Jennifer: Um, well, I guess, what’s relevant with the experience that I’ve had — and it’s not only in Tennessee; actually, I’ve worked with customers across the country that have been looking to deploy fiber-to-the-home networks. You know, as you know, there’s been a — there’s a pocket in Tennessee that, you know, went forward, between 2004 and beyond. And there were a lot of lessons learned. Dalton, GA, was actually another one of my customers I worked with. And Bristol, VA. So — but, you know, as people got into the business in the early stages, they were deploying networks based upon the demand that they had in their community for these competitive services. And over time, what started to become more and more, you know, relevant was that there started to become more of an incentive — and more of a need — to upgrade the utility infrastructure as well. To make our electric infrastructure smarter, in order to just be able to provide better service to our customers. And what really kind of started to become evident was that you could utilize the same infrastructure to do both. You could, for instance, when you had a fiber-to-the-home infrastructure, if you — you know, you can utilize an ONT to tell when — you know, to isolate more accurately where a power outage has occurred.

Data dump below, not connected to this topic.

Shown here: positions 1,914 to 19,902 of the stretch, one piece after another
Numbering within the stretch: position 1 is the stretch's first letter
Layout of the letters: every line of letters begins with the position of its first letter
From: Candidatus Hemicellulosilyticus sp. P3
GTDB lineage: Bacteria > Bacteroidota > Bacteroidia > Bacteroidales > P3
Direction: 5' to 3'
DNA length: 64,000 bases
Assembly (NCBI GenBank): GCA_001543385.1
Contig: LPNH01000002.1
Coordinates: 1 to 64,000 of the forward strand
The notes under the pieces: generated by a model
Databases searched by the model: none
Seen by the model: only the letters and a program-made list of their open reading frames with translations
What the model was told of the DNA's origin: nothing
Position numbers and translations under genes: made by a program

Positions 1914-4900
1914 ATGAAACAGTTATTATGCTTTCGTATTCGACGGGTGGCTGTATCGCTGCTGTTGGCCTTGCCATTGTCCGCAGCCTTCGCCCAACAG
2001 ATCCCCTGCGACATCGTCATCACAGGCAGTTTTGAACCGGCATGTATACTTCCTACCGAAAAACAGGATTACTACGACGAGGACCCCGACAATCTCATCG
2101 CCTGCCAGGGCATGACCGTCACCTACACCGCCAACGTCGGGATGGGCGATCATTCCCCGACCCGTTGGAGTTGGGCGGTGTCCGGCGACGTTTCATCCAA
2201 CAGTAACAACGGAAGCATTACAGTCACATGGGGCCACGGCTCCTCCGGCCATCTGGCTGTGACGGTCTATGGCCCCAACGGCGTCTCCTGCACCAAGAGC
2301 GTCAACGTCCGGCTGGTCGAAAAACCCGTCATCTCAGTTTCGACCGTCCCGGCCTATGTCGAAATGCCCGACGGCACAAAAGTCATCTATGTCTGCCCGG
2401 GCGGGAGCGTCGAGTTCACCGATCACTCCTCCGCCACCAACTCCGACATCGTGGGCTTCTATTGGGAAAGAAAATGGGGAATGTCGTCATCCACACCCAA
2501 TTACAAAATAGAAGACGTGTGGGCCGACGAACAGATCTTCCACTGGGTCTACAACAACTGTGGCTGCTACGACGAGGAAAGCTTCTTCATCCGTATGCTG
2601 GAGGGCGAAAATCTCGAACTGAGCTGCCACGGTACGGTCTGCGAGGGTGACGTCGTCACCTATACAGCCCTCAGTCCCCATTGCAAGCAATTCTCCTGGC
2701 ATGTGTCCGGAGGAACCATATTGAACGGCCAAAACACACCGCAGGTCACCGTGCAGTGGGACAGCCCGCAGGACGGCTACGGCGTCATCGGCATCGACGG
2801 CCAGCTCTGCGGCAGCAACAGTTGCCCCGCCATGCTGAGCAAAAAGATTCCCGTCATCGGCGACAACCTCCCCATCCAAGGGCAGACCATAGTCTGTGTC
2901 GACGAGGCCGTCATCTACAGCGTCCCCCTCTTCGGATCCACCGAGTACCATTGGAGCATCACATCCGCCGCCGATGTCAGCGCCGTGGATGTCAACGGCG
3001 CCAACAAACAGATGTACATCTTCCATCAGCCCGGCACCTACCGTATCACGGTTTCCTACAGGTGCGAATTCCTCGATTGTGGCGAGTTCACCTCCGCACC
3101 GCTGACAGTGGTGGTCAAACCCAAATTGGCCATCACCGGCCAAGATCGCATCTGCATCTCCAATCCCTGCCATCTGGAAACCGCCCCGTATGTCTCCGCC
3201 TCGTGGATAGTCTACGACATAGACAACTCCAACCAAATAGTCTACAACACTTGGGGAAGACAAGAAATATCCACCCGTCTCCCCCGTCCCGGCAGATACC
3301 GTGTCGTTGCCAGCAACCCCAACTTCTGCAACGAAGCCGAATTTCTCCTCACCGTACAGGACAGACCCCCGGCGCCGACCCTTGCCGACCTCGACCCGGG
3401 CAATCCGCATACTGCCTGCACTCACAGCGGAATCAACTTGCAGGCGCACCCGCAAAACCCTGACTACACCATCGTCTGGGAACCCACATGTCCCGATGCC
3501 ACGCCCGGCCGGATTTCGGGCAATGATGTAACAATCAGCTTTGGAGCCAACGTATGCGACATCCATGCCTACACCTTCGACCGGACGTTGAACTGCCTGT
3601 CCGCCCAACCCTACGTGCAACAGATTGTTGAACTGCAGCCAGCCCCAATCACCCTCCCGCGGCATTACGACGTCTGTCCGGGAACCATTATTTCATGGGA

Chris: And, just to — for people who aren’t familiar, an ONT is the device — it’s usually on the side of the house — that communicates between the house and the network.
Jennifer: Yes. That’s your telecommunications device that provides voice, video, and data interfaces to the home. But it can also be used for other things. It can be used to determine power outages, and isolate them down to a certain geographic area. And in a lot of cases, the electric utilities didn’t have that intelligence built into their network before. And there’s a long list of other things that, as these networks have evolved — You know, municipal utilities are great about talking to each other, learning from each other, and helping each other, you know, from lessons learned, deploy networks and leverage them for other things. And I think that that’s what’s happened over time. There’s been a, you know, influence, that we needed to start looking at how to smarten the electric systems, and how to, you know, get better information out of our electric systems, simply to better manage our power resources. And then, realizing you can also add telecommunications, you know, products over it, to meet the demands in your community for economic development, and meet those other needs as well, it’s — a business plan has evolved over time that has proven to be the most successful and profitable. And if you start to look at, really, the numbers, you know, utilities that invest in this type of infrastructure can utilize funds that they have to make these investments. And, really, the return on investment, when you look at structuring the plan that way, is significant, in comparison to just deciding we just want to deploy telecommunications infrastructure alone.